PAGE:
Downtime in Role-Playing Games
We all know that the Internet is full of people disagreeing. On rare occasion, that disagreement is actual civil and worth conversation. I believe that a quick little bit over Twitter between myself & the esteemed Jeff Tidball is one of those times (along with a question provided by Rich Rogers of Canon Puncture):
RyanMacklin: I wonder if I’m just tired of goal-focused RPG campaigns.
orklord: @RyanMacklin if not goal-focused RPGs, then do you want sandbox ones, or something else?
RyanMacklin: @orklord I guess I’m just tired of character exploration bring sacrificed on the altar of “plot advancement.”
jefftidball: @RyanMacklin Plot, though, is the best way to *do* character exploration, because then it’s exciting. To choose just one is to #fail.
RyanMacklin: @jefftidball I don’t always agree with that.
RyanMacklin: @jefftidball More specifically, since it’s too complex for a tweet: downtime from plot is where I see a lot of awesome exploration.
So, here’s my open reply to Jeff, in a space where I can actually talk about something in more than 140 characters. Maybe it’ll be something even worthwhile.
Now, before I start, I will wholly admit that (a) I could be wrong and (b) maybe we’re actually talking about the same thing, only the limitations of the medium make us fill in more to the conversation that ends up being incorrect assumptions. (I say that partly so that people who have a need to read what I say on the internet as uncharitably as possible can check that shit at the door.)
Here’s my thought: in moments of crisis, which tend to be focused around plot, we see certain sorts of character exploration — we see what people are willing to do in order to achieve something, we know how far people can go. To draw parallels to fiction, specifically to the re-imagined Battlestar Galactica, we see what sort of calls Adm. Adama will make to save the human race, how far the various pilots will push themselves to get the kills and keep the fleet safe, how far the political leaders will go to gain & secure power, etc.
That, to me, is a given in a role-playing game. Moments of crisis, and of conflict, are maybe even the norm. But I have grown to see that such moments are only half of the equation — and that when all you do is crisis, conflict, plot advancement, you’re cutting off a really potent avenue of character exploration: downtime.
As I play more, I want more downtime in my games because I want to meet the character not just at moments of crisis, but at moments of calm. I know how the character reacts to some Centurions crash-boarding onto Galactica — she fights like hell. But I don’t know what happens in the aftermath, like a wake for a downed comrade or looking in on her half-Cylon child, whatever. Or, rather, I might know in some abstract, but I haven’t really met the character in those moments if I’m denied those moments.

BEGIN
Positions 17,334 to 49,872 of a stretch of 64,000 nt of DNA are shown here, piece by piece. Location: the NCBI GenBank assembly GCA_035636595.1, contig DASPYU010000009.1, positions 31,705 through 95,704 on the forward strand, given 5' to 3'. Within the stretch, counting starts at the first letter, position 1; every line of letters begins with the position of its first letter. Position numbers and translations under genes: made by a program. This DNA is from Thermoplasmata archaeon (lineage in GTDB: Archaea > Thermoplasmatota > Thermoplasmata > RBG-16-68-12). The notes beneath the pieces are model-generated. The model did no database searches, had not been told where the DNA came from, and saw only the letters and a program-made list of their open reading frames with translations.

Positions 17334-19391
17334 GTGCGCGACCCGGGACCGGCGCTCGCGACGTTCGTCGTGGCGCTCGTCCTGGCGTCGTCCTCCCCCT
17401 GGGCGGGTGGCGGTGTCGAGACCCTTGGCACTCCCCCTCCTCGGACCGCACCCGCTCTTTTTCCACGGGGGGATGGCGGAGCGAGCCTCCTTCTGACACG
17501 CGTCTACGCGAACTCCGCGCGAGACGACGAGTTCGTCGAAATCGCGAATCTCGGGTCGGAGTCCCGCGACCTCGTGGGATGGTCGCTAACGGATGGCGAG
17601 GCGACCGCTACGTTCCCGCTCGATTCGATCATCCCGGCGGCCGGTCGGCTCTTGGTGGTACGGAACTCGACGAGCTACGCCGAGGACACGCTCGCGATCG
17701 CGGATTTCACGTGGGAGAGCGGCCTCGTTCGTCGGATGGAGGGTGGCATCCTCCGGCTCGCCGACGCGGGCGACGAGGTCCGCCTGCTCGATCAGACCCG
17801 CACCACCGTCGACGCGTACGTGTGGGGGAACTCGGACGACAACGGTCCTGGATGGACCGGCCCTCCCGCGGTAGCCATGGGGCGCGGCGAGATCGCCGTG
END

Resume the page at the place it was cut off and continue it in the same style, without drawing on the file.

By the way, as the name suggests, “downtime” isn’t meant to be all the time. Without moments of crisis, downtime doesn’t really impact. But you can have games that are just crisis-after-crisis or conflict-after-conflict. My original comment is probably misleading; I should have typed out “I am tired of people turning up their nose at downtime because they think it isn’t ‘playing the game’ or doesn’t have an immediately-presentable conflict or they actually don’t care about the character as much as they want to ‘beat the GM,’ whathaveyou.” But that goes beyond the 140 characters of Twitter, and is really only the beginning of a conversation rather than the entire thing.
In an upcoming of This Modern Death (maybe up tonight), we talk about this. We played in a Primetime Adventures game where Shaun & Randy pushed for conflict during scenes that I, as the Producer, was looking at as downtime. This lead to dissatisfaction overall in the game. The conversation got heated, partly because that’s always good for “ratings” (whatever the fuck that means in the world of podcasting) but also because we had a serious clash of agenda — I value downtime as a vehicle of character exploration as much as they value plot for that.
To close with a downtime moment from BSG, there’s that one episode where everyone gets together for the no-rank boxing night. There was no major crisis there, no major conflict. In that episode, we got to meet the characters not when they were under the immediate threat of doom, but when they had a chance to breathe. And what did we learn? That the defenders of the human race need to be violent regardless of whether there are Cylons around (among other things we learned). We would not have truly met the characters if we only saw them in crisis, because we wouldn’t have seen what they do when they can relax and let go, or what they do to process the aftermath of a crisis.
So, yeah, to me downtime is the best way to do character exploration, but for downtime to be effective, it needs to be surrounded by crisis and conflict — tools that tend to be associated with “plot advancement.” Sacrificing downtime for more plot advancement is the quickest way for me to grow disinterested in a game, as is “ruining” downtime by engaging in conflict mechanics.
Edit: Nancy posted up a thread on Cultures of Play as the beginning of a response to this.